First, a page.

I have been a professional educator for over fifteen years. I teach Advanced Placement courses in both language and literature in addition to public speaking, media studies, and various other language arts related subjects. I have been a diving instructor since 2016 and a technical diving instructor since 2018. During my time as an educator, I have faced many challenges and have been in my share of debates about methodology, pedagogy, and best practice — in regard to both language arts and diving.
It goes without saying that nothing has impacted the way I teach and how students learn as much as the COVID-19 pandemic has. The manner in which I structure my lesson plans and connect with students in my day-to-day classroom and through diving has been turned upside down. In my English department, we decided that despite all of the problems and setbacks, we were going to embrace the moment as a real opportunity to revolutionize the way we teach. By default, the same thing began happening in my dive instruction as I scrambled to find ways to make anything work.
As I look back on the past eighteen months and prepare for my own upcoming season as a Great Lakes technical diving instructor, I have observed two critical ways in which the COVID-19 pandemic has changed my teaching for the better that I would like to share.
I am definitely a fan of online learning. I think that allowing students to explore content at their own pace can provide greater flexibility in scheduling, better understanding, and a chance for more opportunities for more students. However, online learning does not replace the absolute necessity of student-teacher interaction. Whether it be through Zoom, Google Meet, or whatever platform is working best for you, students and teachers need authentic, real-time interaction in order to discuss, question, and explore topics.
During the pandemic, I found myself with more time on my hands than life usually allows for. As a result, I was more available for face-time conferences, remote classroom sessions, and the like. The information, theory, and practical application of skills I was able to walk students through proved to be invaluable and reminded me why I went into teaching in the first place. It really is about the relationship teachers can foster with students in order to help them achieve their goals. Online learning can set the stage, but cannot supplement or foster the type of confidence and attitude of inquiry that is fundamental to safe, skilled technical diving.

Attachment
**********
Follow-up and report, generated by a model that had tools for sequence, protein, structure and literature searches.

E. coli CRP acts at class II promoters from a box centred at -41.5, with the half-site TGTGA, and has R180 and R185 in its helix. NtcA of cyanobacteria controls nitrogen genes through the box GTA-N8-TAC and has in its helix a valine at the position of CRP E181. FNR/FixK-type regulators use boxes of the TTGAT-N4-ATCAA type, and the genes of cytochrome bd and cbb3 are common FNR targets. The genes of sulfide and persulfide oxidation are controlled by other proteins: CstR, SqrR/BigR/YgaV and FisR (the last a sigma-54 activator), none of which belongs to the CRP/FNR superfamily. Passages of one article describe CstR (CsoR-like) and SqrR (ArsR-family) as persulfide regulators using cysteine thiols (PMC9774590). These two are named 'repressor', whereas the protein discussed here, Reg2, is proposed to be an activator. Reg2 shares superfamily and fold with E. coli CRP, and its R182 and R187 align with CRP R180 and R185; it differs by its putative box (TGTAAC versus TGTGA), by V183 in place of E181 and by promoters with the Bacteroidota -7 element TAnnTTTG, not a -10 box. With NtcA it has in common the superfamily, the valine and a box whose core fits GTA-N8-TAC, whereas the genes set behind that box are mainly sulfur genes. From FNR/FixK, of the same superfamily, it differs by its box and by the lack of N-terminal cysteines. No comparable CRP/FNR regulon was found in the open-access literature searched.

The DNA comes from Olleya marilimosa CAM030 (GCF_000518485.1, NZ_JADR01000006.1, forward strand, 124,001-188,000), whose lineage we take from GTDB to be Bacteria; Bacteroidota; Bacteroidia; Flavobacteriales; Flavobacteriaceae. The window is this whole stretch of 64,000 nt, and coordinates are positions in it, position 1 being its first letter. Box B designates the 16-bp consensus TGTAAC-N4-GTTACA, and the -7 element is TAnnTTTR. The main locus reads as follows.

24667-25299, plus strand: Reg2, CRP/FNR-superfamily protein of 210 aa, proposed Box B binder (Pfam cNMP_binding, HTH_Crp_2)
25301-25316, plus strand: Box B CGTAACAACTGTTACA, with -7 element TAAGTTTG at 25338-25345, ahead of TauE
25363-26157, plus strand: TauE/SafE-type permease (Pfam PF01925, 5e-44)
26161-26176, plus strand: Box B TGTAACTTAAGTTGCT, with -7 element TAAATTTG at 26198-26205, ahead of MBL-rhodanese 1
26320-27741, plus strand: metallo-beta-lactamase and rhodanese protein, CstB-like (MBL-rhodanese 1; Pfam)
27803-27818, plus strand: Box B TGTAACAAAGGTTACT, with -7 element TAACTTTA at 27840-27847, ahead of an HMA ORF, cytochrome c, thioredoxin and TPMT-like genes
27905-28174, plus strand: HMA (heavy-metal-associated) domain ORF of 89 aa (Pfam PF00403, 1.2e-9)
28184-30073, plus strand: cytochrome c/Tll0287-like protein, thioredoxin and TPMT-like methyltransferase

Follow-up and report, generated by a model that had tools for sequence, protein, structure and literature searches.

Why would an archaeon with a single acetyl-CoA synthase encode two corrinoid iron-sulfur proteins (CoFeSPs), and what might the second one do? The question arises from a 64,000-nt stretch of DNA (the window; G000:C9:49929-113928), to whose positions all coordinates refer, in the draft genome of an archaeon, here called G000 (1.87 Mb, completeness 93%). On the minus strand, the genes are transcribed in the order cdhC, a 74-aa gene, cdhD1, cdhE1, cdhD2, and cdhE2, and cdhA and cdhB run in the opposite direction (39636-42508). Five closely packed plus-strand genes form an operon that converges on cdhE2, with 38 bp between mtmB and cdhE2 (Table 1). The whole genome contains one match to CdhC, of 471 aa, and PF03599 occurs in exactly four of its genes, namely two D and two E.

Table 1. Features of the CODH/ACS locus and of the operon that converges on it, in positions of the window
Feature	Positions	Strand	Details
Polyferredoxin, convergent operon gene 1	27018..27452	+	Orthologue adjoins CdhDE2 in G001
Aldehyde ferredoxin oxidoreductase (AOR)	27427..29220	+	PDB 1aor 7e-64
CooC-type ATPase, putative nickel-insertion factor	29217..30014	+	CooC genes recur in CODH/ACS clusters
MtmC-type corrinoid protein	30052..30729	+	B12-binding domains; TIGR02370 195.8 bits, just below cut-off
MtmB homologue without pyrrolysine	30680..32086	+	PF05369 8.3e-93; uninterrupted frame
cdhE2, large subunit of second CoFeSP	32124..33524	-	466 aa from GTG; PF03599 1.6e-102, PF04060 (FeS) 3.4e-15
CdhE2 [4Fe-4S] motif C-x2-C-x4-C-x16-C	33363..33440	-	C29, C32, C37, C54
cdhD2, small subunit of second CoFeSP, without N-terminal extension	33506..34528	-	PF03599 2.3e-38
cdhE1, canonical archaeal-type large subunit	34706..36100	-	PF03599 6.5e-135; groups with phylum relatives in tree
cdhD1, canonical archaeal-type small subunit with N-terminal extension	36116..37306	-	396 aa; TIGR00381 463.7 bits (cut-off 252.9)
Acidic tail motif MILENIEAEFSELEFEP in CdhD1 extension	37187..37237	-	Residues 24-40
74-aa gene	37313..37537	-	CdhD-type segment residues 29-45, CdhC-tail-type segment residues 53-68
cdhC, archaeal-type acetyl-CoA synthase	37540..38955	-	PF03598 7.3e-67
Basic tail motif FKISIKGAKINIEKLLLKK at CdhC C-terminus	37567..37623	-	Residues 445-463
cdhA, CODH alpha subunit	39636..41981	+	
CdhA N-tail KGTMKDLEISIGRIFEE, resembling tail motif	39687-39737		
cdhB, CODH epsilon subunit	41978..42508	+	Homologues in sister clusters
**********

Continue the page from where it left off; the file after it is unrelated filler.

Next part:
My personal philosophy is that technical diving students should seek out technical diving instructors who are executing the types of dives they wish to do. In addition to online learning, students need instructors explaining to them how a certain concept and procedure played out in a real scenario and in a real time and place. This type of instruction is imperative if a student is going to recognize not just the what and how, but also the why.
During the pandemic, I found myself with a gift of time. And through a better use of technology platforms, I was able to spend more time with students discussing all things diving. And although we were using what I consider to be an outstanding eLearning program, we still found ways to “meet” regularly and develop the relationships and mentorship necessary in technical diving.
Team Approach and Team Mindset
Second, I realized how important the team approach and team mindset is to technical diving and technical diving instruction. As guidelines for outdoor activities in my state allowed, I began diving with the same group of students on a weekly basis. Unlike a typical long or back-to-back weekend class, we were able to spread out our objectives and spend more time targeting specific areas for growth and performance. As my students completed their classes, we still found ourselves meeting regularly to dive and practice. We created a Facebook group, IG accounts, and a social media presence (even if not on a viral scale) intended to maintain a certain level of excitement and relevance for a sport easily forgotten during the peak of COVID-19.
Not only is this still continuing, but now that things are opening back up, I am seeing a significant influx of new students who have been anxiously awaiting their chance to get in on the action. Just like with my high school classes that graduate and fade into the next year’s class, too often students complete a technical diving course and are replaced by whoever is next in line. I am not criticizing the nature of this by any means, but I have realized that the stronger the technical diving community is in any particular area, the better the long-term viability and health of the industry is as a whole. The pandemic afforded me the opportunity to establish a technical diving presence in an area of a state that is not typically thought of as a hotbed for diving.
As I can see the light at the end of the COVID-19 tunnel, my hope is that I emerge a more thoughtful and deliberate instructor. Many studies report that the average educator lasts less than five years; it is often an even shorter career for the dive educator. The pandemic caused a lot of problems, but I am hopeful that the diving community will surface safely, even if it’s after a longer obligation than we wanted. For myself, I’ve been reminded of the importance of developing relationships and approaching technical diving with a team mindset. Just like in a traditional classroom, when we build the right types of relationships and team philosophy, there is buy-in, and a community emerges. And if there’s one thing every diver is dependent on, it’s having a local community of divers to learn from, grow with, and share in the adventure.
Please note: No practical skill application can be preformed via a remote education resource such as zoom, google meet, etc.
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